Two minute review
The Trust GXT 881 Odyss is a semi-mechanical gaming keyboard that – funnily enough – blends together aspects from both membrane and mechanical keyboards to create what promises to be the 'best of both worlds'. In actuality, this is a very affordable step into the usually expensive world of mechanical keyboards that would suit a new PC gamer on a budget.
At £34.99 (around $50, AU$60), you'd be hard-pressed to find something similar for such a low price, as most entry-level offerings from popular brands such as Roccat, HyperX and Razer are membrane only, with mechanical options easily exceeding $100+. This doesn't mean it's impossible to find a deal, such as with the G.Skill KM360 (opens in new tab) that retails for around £55 / $50 / AU$80, but the Trust GXT 881 Odyss certainly looks more 'gamer' than any cheap mechanical offering we found.
Most of the benefit to this hybrid style is tactile rather than actual performance, but if you're more bothered about how the keyboard sounds and feels vs how much of a boost you're likely to get in games then this could be a real selling point for you.
It immediately jumped out at us during testing that this is a great option for kids as a first mechanical keyboard before getting involved with the real deal, and the full RGB lighting makes this one of the more 'gamer-ey' choices on a budget. It's also a very capable keyboard for the price, so while it isn't any real match for more expensive luxury options like the Razer Huntsman Elite or the Corsair K70 it's a decent buy for the price.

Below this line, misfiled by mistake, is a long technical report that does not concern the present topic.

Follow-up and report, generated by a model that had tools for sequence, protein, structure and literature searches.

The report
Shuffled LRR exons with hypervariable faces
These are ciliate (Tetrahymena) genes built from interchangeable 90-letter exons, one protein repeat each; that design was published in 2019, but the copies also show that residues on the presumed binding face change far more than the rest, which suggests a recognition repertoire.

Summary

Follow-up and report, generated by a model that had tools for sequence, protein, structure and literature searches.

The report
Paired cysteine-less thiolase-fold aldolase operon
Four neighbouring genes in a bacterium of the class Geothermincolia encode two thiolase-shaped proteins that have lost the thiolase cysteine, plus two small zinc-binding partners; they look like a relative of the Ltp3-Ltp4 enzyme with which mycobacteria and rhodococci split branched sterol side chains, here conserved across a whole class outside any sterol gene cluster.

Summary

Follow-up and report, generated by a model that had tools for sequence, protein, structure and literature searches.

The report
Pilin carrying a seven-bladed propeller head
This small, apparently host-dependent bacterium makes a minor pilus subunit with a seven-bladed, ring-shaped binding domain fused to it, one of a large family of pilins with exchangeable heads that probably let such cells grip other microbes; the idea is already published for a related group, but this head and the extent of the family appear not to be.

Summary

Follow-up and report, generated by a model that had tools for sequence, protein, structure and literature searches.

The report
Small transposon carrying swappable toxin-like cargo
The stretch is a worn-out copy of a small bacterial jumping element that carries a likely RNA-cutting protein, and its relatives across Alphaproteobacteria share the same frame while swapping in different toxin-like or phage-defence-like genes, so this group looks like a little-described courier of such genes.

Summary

The keys do seem to get a little squeaky with use and became a little fussy, with keys not registering after a few days unless you jiggled them around a little like an old phone charger, though this only happened twice in a week of testing. If you can deal with the uninspiring build quality to enjoy mechanical feeling keys then this is still a suitable choice, though we would recommend other options if you're a more experienced PC gamer.
Price and availability
The Trust GXT 881 Odyss is currently available in both the UK and Europe for £34.99 / €39.99, which would work out at around $50 / AU$80 – but the keyboard isn't on sale in those regions.